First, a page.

The success of ‘The Panthers’
soundtrack and its dominating position in the series was no accident
The focus on music paid off, with The Panthers trio walking away with two Pacific Music Awards, one APRA screen music award, a Aotearoa Music Award and a New Zealand Television Award in 2022. These included the Pacific Music Awards for best producer and best Pacific music video for ‘Ain’t the Same’ featuring MELODOWNZ and Summer Vaha’akolo; the APRA screen award for Tohu Paerangi / best original music in a series; the Aotearoa Music Award for Te Kaipuoro Hipehope Toa / best hip hop artist and the New Zealand Television Award for best contribution to a soundtrack.
Released in October 2022, the Hues EP remains unique to Diggy’s sound, while changing the tune slightly to bring a more hazy energy to the recording. Working alongside Haz Beats, Diggy focuses more intently on the artistic journey, this time moving away from his usual political lyricism and leaning into the process.
Artist Askew One (Elliot O’Donnell) provided Diggy with a specific artwork for each individual song, taking the direction of the cover away from himself. Diggy, who has said he’d rather sit in the background and write, has successfully achieved this, focusing instead on creating a representation of the colours and shades he visualised when writing each track.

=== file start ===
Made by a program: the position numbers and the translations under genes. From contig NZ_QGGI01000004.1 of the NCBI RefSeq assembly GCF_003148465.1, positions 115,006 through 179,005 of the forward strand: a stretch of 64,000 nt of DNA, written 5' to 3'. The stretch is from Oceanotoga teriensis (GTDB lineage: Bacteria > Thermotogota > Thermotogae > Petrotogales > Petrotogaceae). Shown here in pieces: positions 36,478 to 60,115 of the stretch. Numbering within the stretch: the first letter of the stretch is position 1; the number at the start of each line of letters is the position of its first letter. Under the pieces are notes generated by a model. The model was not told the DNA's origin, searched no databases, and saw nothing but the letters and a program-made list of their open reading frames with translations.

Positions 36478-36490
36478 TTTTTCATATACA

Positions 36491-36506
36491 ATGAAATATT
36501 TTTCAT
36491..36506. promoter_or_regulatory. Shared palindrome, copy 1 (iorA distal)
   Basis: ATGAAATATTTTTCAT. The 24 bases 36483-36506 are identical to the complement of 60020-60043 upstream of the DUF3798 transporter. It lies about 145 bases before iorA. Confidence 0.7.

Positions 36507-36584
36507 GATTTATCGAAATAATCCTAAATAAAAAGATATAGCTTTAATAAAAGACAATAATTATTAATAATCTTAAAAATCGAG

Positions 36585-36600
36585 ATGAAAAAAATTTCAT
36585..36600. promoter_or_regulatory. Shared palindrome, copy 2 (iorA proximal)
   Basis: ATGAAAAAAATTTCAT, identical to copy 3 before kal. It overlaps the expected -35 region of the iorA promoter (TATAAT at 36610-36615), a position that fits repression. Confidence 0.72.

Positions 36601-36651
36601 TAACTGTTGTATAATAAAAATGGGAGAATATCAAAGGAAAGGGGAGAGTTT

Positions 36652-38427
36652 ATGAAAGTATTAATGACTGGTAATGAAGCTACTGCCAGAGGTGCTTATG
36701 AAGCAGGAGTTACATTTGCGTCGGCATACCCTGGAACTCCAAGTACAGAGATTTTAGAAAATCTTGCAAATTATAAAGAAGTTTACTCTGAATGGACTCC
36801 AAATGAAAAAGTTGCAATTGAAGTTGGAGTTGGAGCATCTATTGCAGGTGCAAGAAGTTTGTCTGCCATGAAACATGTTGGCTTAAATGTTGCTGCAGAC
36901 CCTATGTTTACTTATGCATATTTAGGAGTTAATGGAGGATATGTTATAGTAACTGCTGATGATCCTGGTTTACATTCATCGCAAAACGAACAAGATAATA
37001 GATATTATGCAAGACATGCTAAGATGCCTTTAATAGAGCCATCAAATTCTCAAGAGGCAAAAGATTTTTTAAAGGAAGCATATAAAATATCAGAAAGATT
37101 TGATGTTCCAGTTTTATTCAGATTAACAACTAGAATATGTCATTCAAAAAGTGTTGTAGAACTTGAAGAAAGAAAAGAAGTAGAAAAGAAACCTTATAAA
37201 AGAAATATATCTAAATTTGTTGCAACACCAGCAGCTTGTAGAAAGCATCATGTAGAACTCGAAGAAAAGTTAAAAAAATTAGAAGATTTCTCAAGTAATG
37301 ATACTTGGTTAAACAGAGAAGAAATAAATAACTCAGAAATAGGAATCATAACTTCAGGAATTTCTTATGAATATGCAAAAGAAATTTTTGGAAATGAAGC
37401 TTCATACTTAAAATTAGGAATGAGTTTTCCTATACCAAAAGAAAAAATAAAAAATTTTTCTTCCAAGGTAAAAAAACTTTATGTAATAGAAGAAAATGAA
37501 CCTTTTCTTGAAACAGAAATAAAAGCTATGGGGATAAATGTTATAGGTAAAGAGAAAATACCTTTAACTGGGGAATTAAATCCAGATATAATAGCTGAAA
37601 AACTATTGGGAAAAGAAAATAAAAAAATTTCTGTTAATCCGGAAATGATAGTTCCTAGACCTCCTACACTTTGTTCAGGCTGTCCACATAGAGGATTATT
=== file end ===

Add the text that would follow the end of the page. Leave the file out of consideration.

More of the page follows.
Central Auckland still remains a key influence in Diggy’s songwriting, with his skills evolving over time to represent his origins in more nuanced ways. He creates music that tells intricate stories about the heart and soul of human nature, whether it’s through the lenses of the different characters of Grey Lynn, or the antics of Diggy’s own crew.
Lyrics have the ability to connect with all types of people, no matter who the intended audience. Building the world visually allows Diggy’s music to connect not only with listeners within central Auckland, but others with similar life experiences and people from all walks of life.
As Diggy noted, “it’s bigger than Central, it’s bigger than Grey Lynn – it’s about tapping into human emotion and things you can relate to.”